Earlier this month, the American Society of Civil Engineers released its latest report card on Washington state’s infrastructure. It graded not only roads, bridges and transit, but also dams, water and sewage systems.
The verdict: a C.
Let’s hope there’s no grading curve. Because that’s not good.
Take some solace in knowing that Washington beat the nation, which scored at D+ in 2017 when the ASCE last scored our country’s infrastructure. But that really doesn’t feel any better, knowing that our country is falling apart due to a negligent lack of funding.
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“Reliable and safe infrastructure requires sufficient investment, thoughtful planning, and preparation for the future,” wrote Richard Fernandez, an engineer for the city of Seattle who chaired the evaluation committee and helped write the report. “For a long time, underinvestment at all levels of government threatened our competitive advantage and the health, safety, and welfare of our residents.”
Though Fernandez argues that the state and local governments have started to fund infrastructure creation and maintenance, the report illustrates just how far we have to go.
Our roads and transit systems are below average. Our bridges aren’t much better. Our stormwater systems are near failing – on the grading scale, if not in practice.
The state’s 80,400 miles of roadway were ranked a decidedly poor C-.
Of all this right-of-way, about 50 percent is under county jurisdiction, 22 percent is run by cities, 11 percent is federal and 9 percent is state-controlled. The remaining belongs to townships and other small entities.
According to the report, about 70 percent of the state system is situated in rural areas that do not suffer from capacity issues. The rest is in the state’s urban areas: Seattle, Spokane and Vancouver. That’s where things get bad, according to the report’s metrics.
Seattle, no surprise, was ranked as having the third worst rush-hour traffic by the Texas Transportation Institute in 2015, and the Vancouver-Portland area came in at seventh. Spokane, the relatively empty burg to the east, ranked 54th.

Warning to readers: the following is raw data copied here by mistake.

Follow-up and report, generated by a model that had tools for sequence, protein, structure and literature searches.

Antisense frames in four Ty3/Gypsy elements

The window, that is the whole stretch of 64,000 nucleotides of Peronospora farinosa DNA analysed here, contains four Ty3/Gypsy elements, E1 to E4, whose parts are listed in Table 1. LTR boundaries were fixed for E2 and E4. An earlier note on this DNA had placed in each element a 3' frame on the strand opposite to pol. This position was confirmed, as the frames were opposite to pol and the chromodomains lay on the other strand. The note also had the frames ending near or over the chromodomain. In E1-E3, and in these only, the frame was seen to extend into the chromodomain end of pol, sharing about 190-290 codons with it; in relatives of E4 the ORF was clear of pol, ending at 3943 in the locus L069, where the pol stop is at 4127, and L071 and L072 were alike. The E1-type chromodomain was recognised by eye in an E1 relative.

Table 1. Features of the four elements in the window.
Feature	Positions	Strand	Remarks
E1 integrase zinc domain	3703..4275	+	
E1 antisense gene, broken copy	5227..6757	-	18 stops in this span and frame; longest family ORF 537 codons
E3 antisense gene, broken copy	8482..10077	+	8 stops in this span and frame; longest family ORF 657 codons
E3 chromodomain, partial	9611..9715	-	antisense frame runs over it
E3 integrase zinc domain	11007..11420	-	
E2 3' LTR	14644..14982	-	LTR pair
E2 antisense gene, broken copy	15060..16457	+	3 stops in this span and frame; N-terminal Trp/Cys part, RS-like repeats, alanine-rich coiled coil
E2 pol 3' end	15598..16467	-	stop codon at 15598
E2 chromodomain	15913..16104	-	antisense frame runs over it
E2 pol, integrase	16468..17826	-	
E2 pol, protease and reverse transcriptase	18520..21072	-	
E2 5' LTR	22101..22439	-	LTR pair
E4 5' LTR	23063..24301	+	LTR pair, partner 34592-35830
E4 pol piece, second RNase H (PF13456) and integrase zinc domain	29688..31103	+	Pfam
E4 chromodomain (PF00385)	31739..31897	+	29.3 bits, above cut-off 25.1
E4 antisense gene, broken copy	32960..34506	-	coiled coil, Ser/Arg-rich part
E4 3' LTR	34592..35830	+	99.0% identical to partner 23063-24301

The report also notes that the Washington State Department of Transportation has done a good job maintaining its pavement, with 92 percent of roads rating in fair or better condition.
So why the below average grade? Because the report sees the state becoming more populated, and our roads just can’t handle all the newcomers. Among its solutions to avoid an even lower grade next time around include finding ways to reduce congestion, and increasing the use of public transit by providing “transit-only lanes and improve the availability of public transit (buses, light rail lines, separated bike lanes) to decrease congestion and increase roadway safety.”
Speaking of transit, the report gave the state a grade of C-. Transit is described in the report as “a vital solution” to the state’s challenges stemming from “population growth, regional geographic and geologic hazards, transit safety, limited funding, and equitable access.”
Aside from discussion about the Seattle area’s transit systems, where there is nation-leading growth in transit ridership, the report doesn’t have much to say. Sure, there’s a long way to go in Spokane, but nowhere does the report mention the expanded service provided by Spokane Transit Authority or its plan to bring a bus rapid transit line to the city core.
Which brings us to our own grade of this report card. It severely lacks in Spokane-specific examples and suggestions. One could be forgiven if he or she thought the state was wholly occupied by Seattle, and the 500,000 people who live in Spokane County were actually residents of Idaho.
It’s probably just as well. As the report notes, if a rupture of the Cascadia Subduction Zone occurs, Seattle would suffer in unimaginable ways. The 3.5 million people living in the Puget Sound metropolitan area who depend on the degraded infrastructure will be up a creek without a paddle. So maybe this report will encourage those on the West Side to prepare for that inevitable and major earthquake.